"The Brotherhood has no trouble claiming to be repulsed by 'terrorism.' The problem is that the Brothers don't mean what you think you hear. Again, they don't judge themselves by your standards. They operate in accordance with the Islamic concepts of taqiyya (strategic lying to infidels) and taqiyya's close derivative, tawriya . . . [or] 'creative lying': a literal truth by which the speaker deceives a listener he knows to be ignorant of basic facts and assumptions" (pp. 57-58, emphasis in original).

It's the same with the naming of the Brotherhood's political parties. In Egypt it's the Freedom and Justice Party, following after the Justice and Development Party in Turkey. While such names play well to Western democracy advocates, they mean something different to Islamists.

To them, "freedom" is found in submission to authoritarian Islam. And "justice" means the whole system of sharia. One of early Brotherhood leader Sayyid Qutb's most successful tracts is Social Justice in Islam. Likewise, the Muslim Brotherhood party in Tunisia is named Ennahda or "Renaissance"—referring to society being brought under Islam.

The sentiments of Egypt's new president

Statements and actions by Egypt's new president, Mohamed Morsi, should make it clear that the Muslim Brotherhood's agenda has not been watered down. He vowed what Egypt's new constitution would represent under his guidance: "The sharia, then the sharia, and finally, the sharia." And he came through on his promise.

Besides following through on his commitment to pressuring the U.S. to release the Blind Sheikh (Omar Abdel-Rahman, the spiritual leader behind the 1993 World Trade Center bombers) and other terrorists, Morsi freed hundreds of political prisoners in Egypt—including dozens of terrorist leaders.

Then there's the matter of Israel. Before becoming president, in a Sept. 23, 2010, video interview posted at the Brotherhood's Ikhwan Tube, Morsi called Israeli-Palestinian negotiations a waste of time, claiming: "Either [you accept] the Zionists and everything they want, or else it is war. This is what these occupiers of the land of Palestine know—these blood-suckers, who attack the Palestinians, these warmongers, the descendants of apes and pigs . . . We should employ all forms of resistance against them.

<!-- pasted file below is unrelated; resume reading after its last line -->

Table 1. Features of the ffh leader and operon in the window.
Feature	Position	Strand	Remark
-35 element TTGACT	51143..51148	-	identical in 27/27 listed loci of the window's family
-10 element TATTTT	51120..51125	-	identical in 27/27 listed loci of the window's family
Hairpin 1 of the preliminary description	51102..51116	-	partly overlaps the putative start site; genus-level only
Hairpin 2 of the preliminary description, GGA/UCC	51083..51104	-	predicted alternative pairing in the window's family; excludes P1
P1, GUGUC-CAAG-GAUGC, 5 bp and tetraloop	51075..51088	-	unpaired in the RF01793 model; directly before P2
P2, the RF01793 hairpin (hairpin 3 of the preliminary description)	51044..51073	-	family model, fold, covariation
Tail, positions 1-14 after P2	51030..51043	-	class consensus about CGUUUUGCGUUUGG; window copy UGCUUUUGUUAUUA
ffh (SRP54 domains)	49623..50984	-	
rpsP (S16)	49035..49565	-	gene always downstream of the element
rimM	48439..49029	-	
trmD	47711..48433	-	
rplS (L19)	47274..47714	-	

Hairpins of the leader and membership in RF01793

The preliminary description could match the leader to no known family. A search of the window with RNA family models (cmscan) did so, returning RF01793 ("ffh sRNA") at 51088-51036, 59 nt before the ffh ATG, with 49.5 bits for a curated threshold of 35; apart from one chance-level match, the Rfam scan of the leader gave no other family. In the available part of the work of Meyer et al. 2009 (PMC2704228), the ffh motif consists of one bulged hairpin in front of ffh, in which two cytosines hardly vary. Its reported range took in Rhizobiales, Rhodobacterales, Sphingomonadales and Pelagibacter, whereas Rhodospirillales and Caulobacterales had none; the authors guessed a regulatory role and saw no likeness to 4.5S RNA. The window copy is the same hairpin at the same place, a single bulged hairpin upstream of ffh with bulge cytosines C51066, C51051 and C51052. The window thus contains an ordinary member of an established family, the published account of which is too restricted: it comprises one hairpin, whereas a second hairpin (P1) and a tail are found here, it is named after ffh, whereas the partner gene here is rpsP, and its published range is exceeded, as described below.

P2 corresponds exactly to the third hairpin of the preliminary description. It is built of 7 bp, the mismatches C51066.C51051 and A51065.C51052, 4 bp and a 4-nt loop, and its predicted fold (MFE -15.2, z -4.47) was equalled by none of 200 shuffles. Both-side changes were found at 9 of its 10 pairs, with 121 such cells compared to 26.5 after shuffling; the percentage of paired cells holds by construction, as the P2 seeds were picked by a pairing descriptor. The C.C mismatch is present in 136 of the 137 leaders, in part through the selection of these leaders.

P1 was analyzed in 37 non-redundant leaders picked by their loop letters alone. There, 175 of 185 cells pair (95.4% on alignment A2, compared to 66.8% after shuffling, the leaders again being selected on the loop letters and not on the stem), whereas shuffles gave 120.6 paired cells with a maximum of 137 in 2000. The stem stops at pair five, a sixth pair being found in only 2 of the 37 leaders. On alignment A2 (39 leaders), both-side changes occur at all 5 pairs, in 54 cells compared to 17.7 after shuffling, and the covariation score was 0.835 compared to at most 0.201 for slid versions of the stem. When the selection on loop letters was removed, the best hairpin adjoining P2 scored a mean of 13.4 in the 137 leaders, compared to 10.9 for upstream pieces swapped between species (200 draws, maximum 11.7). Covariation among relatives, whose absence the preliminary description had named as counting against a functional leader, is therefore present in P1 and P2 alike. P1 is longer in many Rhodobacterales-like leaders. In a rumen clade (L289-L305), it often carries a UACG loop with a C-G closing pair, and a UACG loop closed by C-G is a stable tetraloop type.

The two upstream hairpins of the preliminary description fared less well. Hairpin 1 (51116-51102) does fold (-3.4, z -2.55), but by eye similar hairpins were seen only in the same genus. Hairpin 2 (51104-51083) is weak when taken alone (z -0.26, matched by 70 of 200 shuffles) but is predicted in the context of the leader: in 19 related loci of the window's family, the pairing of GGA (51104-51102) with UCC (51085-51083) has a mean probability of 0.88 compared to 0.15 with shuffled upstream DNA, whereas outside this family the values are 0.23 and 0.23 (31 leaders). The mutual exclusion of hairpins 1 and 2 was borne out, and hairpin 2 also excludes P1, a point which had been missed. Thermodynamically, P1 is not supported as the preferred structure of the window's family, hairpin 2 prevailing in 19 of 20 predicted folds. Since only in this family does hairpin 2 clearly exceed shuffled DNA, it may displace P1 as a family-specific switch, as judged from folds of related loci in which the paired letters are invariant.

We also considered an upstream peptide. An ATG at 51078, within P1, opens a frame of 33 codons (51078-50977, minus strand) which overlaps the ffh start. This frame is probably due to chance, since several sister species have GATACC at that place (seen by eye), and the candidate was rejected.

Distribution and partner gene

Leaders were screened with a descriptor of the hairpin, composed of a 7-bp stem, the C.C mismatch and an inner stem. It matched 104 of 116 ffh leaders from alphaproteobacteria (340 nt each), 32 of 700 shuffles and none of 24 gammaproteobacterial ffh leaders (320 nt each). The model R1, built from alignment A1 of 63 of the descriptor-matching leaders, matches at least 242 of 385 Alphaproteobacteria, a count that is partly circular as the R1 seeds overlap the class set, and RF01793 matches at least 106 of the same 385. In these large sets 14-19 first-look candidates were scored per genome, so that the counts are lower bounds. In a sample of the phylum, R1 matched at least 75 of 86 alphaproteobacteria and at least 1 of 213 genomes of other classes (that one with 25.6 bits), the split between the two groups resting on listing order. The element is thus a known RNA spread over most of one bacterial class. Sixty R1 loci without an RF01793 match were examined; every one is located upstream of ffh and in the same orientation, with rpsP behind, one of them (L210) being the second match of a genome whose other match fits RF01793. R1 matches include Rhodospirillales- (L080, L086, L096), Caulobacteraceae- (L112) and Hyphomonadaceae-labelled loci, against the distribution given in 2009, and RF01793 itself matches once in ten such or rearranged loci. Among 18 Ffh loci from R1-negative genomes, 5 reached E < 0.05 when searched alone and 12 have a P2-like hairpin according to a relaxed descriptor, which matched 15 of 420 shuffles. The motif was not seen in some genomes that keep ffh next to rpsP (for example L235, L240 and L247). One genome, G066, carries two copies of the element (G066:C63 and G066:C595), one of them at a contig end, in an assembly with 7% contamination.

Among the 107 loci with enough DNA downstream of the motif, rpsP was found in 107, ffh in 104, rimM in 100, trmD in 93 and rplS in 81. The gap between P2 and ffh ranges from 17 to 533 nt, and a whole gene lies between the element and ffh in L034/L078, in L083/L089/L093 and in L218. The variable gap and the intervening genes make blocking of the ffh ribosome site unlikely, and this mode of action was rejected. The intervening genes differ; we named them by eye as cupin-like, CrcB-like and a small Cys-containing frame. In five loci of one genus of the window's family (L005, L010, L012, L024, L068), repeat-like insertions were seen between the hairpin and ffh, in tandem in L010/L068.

"There should be military resistance within the land of Palestine against those criminal Zionists . . . [And] this should be the practice of the Muslims and the Arabs outside Palestine. They should support the resistance fighters and besiege the Zionists wherever they are . . . We must all realize that resistance is the only way to liberate the land of Palestine" (posted at the Middle East Media Research Institute [MEMRI] website, Jan. 4, 2013).

While he was later running for president, Morsi and other Brotherhood leaders nodded in agreement at a rally as Safwat Hegazy, the same preacher who threatened the Coptic Christians, told thousands: "We can see how the dream of the Islamic caliphate is being realized, [Allah] willing, by Dr. Mohamed Mursi . . . The capital of the caliphate—the capital of the United States of the Arabs—will be Jerusalem, [Allah] willing."

When he came to the stage, Morsi affirmed: "Jerusalem is our goal. We shall pray in Jerusalem, or die as martyrs on its threshold" ("Egypt Islamist Vows Global Caliphate in Jerusalem," The Jerusalem Post, May 8, 2012).

Despite all this, some still maintain that Morsi will govern as a moderate. But why should we expect that? Eric Trager writes in The New Republic: "Morsi's political biography suggests that he is not a compromiser. Prior to [2011's] uprising and his subsequent emergence as Egypt's first civilian president, Morsi was the Muslim Brotherhood's chief internal enforcer within the Guidance Office, steering the organization in a more hardline direction ideologically while purging the Brotherhood of individuals who disagreed with his approach" ("Why Won't Morsi Back Down? Read His Resume," Nov. 30, 2012).

As the Bible asks rhetorically in Jeremiah 13:23, can a leopard change his spots? We should not expect people to massively change what they're all about—certainly not without some clear conversion.

Grim forecast for the days to come

So where is the warmth of spring in all this? Yes, many millions in the region are certainly thrilled with what's happened—predominantly those who want to see the world engulfed in Islam and made subservient to sharia. As for those who genuinely advocate for real freedom in the region? Not so much.

Again, as should be abundantly clear, there has been no Arab Spring—only a severe winter that's getting colder. Egypt is a bellwether in the Arab world. And overwhelming evidence shows that its direction is now decidedly Islamist. In fact, it and Muslim states throughout the region seem to be on a relentless march toward reviving the Islamic caliphate.

Of course, there is much more to say about these developments. The road Egypt is following has been trod in other countries as well. What does this indicate about Egypt's near future? Is the caliphate truly on the rise? And what does the Bible say will happen? To continue this examination, be sure to read the companion article "Will the World See a New Caliphate?".